You also need to accept that the only thing you really have control over is yourself. If this year’s trek is anything like last year’s, it will be a roller coaster of ups and downs. You will have amazing days, perhaps among the best of your life, and you will have really terrible days. You can allow the bad days to drag you down, or you can work your way through them. We got snowed in for three days in one place. Some of us allowed that to get themselves down, I chose to roll with that punch and make the best of it. I can’t stop the snow, but I can stop it from affecting me in a negative way. I looked at where I was. Looked at what I was doing. Why am I letting this get to me? I’ll take a bad day in the Himalayas over a bad day in Cleveland any day.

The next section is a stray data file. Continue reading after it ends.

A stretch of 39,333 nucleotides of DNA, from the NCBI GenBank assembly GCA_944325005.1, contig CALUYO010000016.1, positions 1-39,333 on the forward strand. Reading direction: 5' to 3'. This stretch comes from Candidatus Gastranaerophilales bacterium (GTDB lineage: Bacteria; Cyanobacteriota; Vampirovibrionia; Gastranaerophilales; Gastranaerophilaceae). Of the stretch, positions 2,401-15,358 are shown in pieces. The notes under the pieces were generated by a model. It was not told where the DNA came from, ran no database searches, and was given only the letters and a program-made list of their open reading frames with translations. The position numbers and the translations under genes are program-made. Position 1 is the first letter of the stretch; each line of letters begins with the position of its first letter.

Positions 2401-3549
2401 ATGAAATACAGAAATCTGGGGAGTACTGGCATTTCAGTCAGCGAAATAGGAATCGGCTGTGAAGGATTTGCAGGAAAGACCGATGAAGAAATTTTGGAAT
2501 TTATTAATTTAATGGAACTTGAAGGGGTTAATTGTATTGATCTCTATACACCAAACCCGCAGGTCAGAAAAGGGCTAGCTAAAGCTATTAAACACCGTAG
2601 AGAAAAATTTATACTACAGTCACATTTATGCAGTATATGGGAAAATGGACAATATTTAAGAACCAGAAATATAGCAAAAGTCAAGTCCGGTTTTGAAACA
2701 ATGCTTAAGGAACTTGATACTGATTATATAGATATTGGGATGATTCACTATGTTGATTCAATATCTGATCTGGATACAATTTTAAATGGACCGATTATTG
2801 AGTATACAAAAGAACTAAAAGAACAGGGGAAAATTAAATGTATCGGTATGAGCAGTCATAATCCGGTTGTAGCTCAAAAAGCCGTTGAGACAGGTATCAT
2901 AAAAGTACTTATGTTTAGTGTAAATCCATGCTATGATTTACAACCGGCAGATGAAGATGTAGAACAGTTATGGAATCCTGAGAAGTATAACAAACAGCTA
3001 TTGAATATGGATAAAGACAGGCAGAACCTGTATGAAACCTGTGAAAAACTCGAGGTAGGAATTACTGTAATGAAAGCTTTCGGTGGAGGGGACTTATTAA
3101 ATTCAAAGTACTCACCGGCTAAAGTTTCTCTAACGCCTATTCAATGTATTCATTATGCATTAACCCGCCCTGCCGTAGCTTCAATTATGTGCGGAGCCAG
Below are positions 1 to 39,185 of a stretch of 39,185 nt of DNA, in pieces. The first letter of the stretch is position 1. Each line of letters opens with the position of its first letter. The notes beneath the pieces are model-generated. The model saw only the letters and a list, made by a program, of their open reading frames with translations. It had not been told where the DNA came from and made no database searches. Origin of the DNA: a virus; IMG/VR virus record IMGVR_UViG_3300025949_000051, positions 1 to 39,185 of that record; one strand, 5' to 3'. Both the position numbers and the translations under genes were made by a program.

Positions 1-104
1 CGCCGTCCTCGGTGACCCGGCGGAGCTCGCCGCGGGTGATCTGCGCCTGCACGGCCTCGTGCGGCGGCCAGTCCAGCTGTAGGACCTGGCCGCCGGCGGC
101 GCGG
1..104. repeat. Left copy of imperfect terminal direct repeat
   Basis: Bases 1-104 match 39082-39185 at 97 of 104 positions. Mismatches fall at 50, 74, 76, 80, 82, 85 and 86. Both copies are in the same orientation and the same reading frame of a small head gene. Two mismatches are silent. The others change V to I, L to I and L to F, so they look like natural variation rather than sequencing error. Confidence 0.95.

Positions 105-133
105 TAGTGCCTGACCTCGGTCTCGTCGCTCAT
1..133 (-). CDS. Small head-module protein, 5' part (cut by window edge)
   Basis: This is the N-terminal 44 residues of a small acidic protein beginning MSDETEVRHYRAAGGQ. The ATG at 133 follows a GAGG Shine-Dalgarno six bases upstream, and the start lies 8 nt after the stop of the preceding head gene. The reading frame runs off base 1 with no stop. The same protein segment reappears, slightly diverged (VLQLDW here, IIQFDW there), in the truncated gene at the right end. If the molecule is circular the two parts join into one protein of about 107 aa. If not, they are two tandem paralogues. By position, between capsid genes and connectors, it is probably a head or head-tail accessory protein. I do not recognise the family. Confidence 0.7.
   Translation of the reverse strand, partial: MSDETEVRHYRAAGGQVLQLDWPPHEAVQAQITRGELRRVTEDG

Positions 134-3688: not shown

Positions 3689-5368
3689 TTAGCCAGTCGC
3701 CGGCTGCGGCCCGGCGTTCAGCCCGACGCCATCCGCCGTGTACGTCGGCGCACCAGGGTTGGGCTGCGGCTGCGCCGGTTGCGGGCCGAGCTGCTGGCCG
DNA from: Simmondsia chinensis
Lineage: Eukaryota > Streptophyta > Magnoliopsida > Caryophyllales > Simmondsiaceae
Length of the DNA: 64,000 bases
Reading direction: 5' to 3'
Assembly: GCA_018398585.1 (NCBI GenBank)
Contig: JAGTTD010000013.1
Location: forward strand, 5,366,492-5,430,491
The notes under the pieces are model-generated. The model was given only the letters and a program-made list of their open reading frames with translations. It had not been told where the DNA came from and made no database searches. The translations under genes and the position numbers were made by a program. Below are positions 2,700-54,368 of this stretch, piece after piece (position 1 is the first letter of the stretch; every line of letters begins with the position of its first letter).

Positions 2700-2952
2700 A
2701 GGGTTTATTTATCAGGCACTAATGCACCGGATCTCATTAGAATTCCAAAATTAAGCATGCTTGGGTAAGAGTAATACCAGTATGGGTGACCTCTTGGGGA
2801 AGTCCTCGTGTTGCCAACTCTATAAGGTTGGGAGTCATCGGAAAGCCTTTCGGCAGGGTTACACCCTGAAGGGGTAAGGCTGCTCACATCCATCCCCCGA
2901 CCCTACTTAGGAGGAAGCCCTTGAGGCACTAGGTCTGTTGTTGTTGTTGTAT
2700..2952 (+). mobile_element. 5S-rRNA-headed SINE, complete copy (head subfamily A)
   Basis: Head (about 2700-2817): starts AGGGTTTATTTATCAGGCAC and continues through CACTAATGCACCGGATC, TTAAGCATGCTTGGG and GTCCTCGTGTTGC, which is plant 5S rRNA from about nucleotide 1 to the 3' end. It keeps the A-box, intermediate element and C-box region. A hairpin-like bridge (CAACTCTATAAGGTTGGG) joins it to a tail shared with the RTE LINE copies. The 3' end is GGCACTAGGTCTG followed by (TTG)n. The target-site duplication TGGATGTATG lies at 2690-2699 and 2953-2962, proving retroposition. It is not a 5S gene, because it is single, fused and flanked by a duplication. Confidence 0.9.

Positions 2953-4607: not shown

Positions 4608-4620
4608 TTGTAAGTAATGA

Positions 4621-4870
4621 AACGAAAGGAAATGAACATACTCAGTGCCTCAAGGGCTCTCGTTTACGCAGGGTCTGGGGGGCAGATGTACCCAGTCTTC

The next bit of advice can be summed up in three simple words: Listen. To. Jon. The guy knows what he’s talking about, he’s been there and done that. Learn from his misery. If he gives advice, heed it! Further, always be very open and forthcoming about any and every issue you may be having. I touched on this in an earlier blog post, our constant verbalizing of our individual miseries wasn’t whining, but an ongoing self-assessment that was shared with the group. Don’t be afraid to ask for help if you need it, and accept it when it’s offered. I may have been the first one to have one of the staff carry my pack for a while, but I was most certainly not the last. You are about to do a very challenging thing, you’re going to a place that our tourist bodies are just not built for. Any advantage you can take to ease the struggle, take it! You’ll have so much more of an enjoyable trek as a result.